Changes coming to Virginia Law July 1, 2020.

Beginning July 1, 2020, many new Virginia laws will go into effect.  Whether you love the changes or hate them, they will apply to you. So, take some time to educate yourself.

Below is a list of just a handful of changes in our Commonwealth’s laws.  Should you have any questions, feel free to reach out. 

Also, note, at the time of this blog post, the Virginia General Assembly has indicated it will hold a Special Session in August.  This is in light of the tragic killing of George Floyd, world wide #BlackLivesMatters protests, and is intended to address much needed Police and Criminal Justice Reform measures. 

Marijuana Decriminalization.

On July 1, 2020, the penalties for simple possession of marijuana (up to one ounce) will be reduced from a Class I Misdemeanor (with up to 30 days in jail, a criminal record, and license suspension) to a civil penalty, punishable by a maximum $25 fine

The new law also seals the criminal records of past marijuana convictions from employers and school administrators.

However, the suspicion of the presence of marijuana may still be used by law enforcement to conduct criminal investigations that may lead to other charges.  A marijuana conviction may also still have serious immigration consequences for non-US citizens. 

So, if you’re charged, you need to talk to an attorney to best understand your options. 

Suspended Licenses for Unpaid Court Fees.

Beginning July 1, Virginia drivers will no longer receive driver’s license suspensions for unpaid court fines and costs.  The law is also retroactive and will reinstate licenses for over 600,000 Virginias who currently have license suspensions due to court fees and costs.

Of course, this change doesn’t prohibit the court from imposing fees and costs for traffic and criminal offenses.  And if your license is suspended for other reasons, in addition to fees and costs, this does nothing to change other valid reasons for license suspensions.

“Move Over” Reckless Driving Law.

Beginning July 1, Virginia drivers must move to a nonadjacent lane on a highway with at least four lanes when approaching a stationary vehicle displaying flashing, blinking, or alternating blue, red or amber lights (for example, a police car that pulled someone over or an ambulance on the scene of an accident). If, however, changing lanes would be unreasonable or unsafe, drivers must proceed with due caution and maintain a safe speed.

Before, violating this law was a traffic infraction for a first offense, but became a Class I Misdemeanor for a second offense.  The new law makes a single offense a Reckless Driving, Class I Misdemeanor.

“Tommie’s Law” (Virginia Animal Abuse Law).

Under Tommie’s Law, animal abuse will now be charged as a Class 6 Felony with a punishment of one to five years in prison.  Such an offense was previously charged as a misdemeanor if the animal survived the abuse.

Child Car Seats.

A new law requires that you must place any child riding in your car in a rear-facing car seat until they reach the age of two, or until they meet the minimum weight standards for a forward-facing car seat.  Under the current law, children under seven must be in a child seat, but it doesn’t specify how old the child should be or their weight to switch to a front-facing car seat.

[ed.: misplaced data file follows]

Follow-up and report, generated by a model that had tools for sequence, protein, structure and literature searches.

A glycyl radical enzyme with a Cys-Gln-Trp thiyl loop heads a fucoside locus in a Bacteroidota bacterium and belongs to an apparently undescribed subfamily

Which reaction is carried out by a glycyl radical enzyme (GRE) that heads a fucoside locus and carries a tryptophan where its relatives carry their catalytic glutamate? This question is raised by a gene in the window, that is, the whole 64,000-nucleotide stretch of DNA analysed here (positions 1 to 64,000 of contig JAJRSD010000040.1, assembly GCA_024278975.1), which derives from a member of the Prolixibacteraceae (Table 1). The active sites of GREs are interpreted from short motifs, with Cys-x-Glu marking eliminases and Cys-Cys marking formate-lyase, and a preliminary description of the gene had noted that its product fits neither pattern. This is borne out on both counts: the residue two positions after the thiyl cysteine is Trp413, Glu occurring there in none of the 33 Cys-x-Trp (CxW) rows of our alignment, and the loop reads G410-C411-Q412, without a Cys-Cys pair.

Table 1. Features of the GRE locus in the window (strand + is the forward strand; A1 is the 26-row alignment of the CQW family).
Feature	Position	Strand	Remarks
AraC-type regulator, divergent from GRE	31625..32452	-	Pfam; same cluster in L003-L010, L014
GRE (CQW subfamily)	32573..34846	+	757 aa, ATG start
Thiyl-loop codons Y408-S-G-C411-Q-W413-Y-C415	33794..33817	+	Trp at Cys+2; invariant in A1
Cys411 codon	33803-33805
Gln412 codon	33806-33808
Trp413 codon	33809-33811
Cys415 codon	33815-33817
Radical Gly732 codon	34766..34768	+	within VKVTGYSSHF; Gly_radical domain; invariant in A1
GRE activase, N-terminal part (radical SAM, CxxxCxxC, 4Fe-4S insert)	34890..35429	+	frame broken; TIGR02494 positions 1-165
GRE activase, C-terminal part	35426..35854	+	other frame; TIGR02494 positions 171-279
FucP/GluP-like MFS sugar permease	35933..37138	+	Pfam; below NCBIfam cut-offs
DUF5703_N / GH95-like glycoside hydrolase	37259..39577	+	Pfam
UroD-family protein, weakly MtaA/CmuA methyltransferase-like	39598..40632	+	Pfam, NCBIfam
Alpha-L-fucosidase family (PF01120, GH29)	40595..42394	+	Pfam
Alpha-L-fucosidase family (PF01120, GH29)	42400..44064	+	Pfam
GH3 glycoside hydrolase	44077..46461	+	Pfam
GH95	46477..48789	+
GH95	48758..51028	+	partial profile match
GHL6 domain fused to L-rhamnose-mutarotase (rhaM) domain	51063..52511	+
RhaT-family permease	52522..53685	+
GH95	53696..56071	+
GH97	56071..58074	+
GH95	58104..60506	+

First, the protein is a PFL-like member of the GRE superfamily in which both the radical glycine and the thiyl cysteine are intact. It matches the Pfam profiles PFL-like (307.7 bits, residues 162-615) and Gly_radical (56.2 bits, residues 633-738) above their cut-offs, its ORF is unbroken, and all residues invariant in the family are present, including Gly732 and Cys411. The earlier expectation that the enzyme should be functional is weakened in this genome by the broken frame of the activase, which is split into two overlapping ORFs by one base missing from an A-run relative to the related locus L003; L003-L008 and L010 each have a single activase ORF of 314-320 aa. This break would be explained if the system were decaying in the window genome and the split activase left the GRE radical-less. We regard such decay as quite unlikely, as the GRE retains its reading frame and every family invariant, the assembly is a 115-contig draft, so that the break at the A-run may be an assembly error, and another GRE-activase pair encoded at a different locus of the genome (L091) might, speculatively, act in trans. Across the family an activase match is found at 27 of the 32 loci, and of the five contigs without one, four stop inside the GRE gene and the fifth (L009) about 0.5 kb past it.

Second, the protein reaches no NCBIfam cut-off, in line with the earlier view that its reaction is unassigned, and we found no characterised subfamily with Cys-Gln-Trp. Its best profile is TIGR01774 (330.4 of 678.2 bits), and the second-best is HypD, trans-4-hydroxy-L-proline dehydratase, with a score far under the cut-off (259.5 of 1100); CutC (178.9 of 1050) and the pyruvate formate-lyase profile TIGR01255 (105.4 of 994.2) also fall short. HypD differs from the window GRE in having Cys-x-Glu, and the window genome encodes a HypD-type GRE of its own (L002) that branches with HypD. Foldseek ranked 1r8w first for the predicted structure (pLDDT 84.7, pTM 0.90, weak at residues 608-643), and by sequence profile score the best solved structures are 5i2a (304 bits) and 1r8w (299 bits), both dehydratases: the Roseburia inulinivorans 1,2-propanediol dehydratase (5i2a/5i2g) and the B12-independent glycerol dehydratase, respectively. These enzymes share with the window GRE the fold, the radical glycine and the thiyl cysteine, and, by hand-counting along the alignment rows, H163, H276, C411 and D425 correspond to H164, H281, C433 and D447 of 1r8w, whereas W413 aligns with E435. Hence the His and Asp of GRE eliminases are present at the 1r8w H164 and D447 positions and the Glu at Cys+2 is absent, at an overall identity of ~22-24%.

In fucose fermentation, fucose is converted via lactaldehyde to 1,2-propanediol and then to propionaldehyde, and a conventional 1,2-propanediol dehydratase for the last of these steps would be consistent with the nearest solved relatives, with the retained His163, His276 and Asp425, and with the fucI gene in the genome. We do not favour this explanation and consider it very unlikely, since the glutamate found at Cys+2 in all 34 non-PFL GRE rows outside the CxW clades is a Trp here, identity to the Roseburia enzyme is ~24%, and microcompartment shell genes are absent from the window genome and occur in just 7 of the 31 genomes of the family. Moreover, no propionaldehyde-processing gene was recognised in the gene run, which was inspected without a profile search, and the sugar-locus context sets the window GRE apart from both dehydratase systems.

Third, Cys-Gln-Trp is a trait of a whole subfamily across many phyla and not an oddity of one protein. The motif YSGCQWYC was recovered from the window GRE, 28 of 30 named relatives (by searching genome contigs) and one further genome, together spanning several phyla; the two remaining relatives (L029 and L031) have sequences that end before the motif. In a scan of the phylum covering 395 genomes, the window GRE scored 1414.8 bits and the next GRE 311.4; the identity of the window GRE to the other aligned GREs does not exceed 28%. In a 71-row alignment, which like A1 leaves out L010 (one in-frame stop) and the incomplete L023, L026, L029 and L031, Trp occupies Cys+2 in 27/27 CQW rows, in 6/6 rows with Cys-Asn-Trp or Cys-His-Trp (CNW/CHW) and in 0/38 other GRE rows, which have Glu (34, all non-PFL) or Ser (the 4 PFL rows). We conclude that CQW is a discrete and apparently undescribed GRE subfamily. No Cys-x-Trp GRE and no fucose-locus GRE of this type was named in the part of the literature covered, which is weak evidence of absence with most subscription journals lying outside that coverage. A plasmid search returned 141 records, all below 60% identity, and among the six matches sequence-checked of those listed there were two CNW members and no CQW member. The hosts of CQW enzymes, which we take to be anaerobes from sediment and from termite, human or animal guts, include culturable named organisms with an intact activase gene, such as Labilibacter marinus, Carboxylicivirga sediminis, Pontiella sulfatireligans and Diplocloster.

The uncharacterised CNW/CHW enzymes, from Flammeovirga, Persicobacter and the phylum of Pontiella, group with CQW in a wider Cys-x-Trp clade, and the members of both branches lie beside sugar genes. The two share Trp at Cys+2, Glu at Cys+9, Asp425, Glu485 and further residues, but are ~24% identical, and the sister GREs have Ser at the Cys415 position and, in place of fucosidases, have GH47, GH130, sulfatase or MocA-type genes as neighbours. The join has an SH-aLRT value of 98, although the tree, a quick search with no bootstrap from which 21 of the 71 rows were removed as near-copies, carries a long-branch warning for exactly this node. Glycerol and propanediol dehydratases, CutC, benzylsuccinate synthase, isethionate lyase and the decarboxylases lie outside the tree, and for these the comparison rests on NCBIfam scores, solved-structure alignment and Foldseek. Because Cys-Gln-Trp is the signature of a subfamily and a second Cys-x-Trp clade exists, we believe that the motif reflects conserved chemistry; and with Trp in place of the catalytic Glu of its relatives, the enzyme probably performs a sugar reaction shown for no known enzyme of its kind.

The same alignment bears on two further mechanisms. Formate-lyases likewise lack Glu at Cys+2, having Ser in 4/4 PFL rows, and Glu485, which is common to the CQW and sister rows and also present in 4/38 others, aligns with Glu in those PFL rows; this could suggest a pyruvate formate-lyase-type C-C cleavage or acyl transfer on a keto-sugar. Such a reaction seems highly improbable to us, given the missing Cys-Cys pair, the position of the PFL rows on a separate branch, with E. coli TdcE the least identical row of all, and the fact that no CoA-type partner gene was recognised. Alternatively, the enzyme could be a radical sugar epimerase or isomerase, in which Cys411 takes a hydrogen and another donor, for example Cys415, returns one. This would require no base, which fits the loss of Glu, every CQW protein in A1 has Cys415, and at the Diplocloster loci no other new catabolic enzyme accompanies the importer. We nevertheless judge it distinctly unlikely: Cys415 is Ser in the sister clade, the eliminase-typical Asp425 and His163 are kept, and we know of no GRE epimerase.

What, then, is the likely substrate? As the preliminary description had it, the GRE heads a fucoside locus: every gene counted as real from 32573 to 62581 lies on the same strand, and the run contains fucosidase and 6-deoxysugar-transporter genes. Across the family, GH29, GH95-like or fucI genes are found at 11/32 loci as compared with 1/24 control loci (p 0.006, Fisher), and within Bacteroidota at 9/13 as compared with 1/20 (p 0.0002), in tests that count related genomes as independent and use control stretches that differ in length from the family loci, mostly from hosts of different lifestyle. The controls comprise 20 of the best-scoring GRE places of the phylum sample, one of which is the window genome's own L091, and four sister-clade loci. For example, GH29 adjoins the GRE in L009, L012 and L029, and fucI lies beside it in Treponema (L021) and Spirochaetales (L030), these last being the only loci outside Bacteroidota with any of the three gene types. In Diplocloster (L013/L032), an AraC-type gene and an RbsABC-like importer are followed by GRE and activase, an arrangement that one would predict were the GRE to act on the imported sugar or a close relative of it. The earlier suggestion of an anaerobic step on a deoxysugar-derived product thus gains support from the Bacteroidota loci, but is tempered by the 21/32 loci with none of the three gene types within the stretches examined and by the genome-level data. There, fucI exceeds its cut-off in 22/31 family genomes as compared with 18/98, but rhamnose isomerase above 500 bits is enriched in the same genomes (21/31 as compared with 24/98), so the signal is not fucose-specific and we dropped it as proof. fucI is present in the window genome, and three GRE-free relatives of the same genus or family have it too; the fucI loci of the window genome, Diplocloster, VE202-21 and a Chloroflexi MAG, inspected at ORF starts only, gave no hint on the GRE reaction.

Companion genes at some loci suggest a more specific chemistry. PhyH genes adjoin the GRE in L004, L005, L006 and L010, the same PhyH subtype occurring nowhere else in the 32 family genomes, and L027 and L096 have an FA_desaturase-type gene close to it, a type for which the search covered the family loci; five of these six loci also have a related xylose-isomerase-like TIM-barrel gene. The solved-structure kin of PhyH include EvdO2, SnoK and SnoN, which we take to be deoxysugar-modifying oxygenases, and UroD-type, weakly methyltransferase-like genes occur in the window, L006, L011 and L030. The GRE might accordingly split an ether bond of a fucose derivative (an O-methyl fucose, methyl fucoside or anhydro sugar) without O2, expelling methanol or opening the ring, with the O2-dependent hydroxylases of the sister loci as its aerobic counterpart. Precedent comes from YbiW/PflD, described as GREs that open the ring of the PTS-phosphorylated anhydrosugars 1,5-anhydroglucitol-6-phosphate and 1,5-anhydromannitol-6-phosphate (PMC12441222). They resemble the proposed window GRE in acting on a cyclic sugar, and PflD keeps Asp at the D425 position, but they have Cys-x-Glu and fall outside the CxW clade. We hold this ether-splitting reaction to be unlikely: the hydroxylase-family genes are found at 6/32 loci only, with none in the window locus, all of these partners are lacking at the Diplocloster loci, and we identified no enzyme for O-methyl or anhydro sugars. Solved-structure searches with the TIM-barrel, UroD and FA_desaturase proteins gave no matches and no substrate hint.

Tobacco Purchasing Age.

On July 1, the age to buy tobacco products will be raised from 18 to 21 years old.  However, active military personnel may purchase such products at the age of 18 with valid military ID.

Handheld Cell Phone in Work Zone.

On July 1, you will be prohibited from holding a handheld cellphone in a work zone with a few exceptions.  If caught, you will receive a mandatory fine of $250.     

The exceptions include emergency vehicles, parked or stopped vehicles, using factory installed GPS, or if the driver is reporting an emergency.

Gun Control Laws.

The General Assembly passed various gun control measures that will go into effect July 1, 2020.  They include:

  • Senate Bill 70 and House Bill 2, which establish universal background checks in Virginia
  • Senate Bill 240 and House Bill 674, which establish an Extreme Risk Protective Order, allowing authorities to temporarily take guns away from people deemed to be dangerous to themselves or others
  • Senate Bill 69 and House Bill 812, which reinstate Virginia’s one-handgun-a-month law
  • House Bill 9, which requires gun owners to report their lost or stolen firearms to law enforcement within 48 hours or face a civil penalty.
  • House Bill 1083, which toughens the penalty for leaving a loaded, unsecured firearm in a reckless manner that endangers a child
  • Senate Bill 35, which gives local governments more authority to ban guns in public spaces, like public buildings, parks, recreation centers, and during permitted events
  • Senate Bill 479, which bars people with protective orders against them from possessing firearms and require them to turn over their guns within 24 hours

Lee-Jackson Day No Longer a State Holiday.

Meant to honor Confederate generals Robert E. Lee and Thomas “Stonewall” Jackson, this day was established over 100 years ago. It was also the Friday before Martin Luther King Jr. Day. 

Now, Virginia will no longer recognized this date. Instead, Election Day will be a state holiday.

Other Changes to Virginia Law.

Of course, this list doesn’t include every change in Virginia law coming on July 1. And as mentioned at the beginning of this blog post, many changes may be coming soon.

Reach out to Abrenio Law if you have questions. To be clear, this post is not intended to be legal advice, and you need to speak directly with an attorney to be advise of your options for your ow case.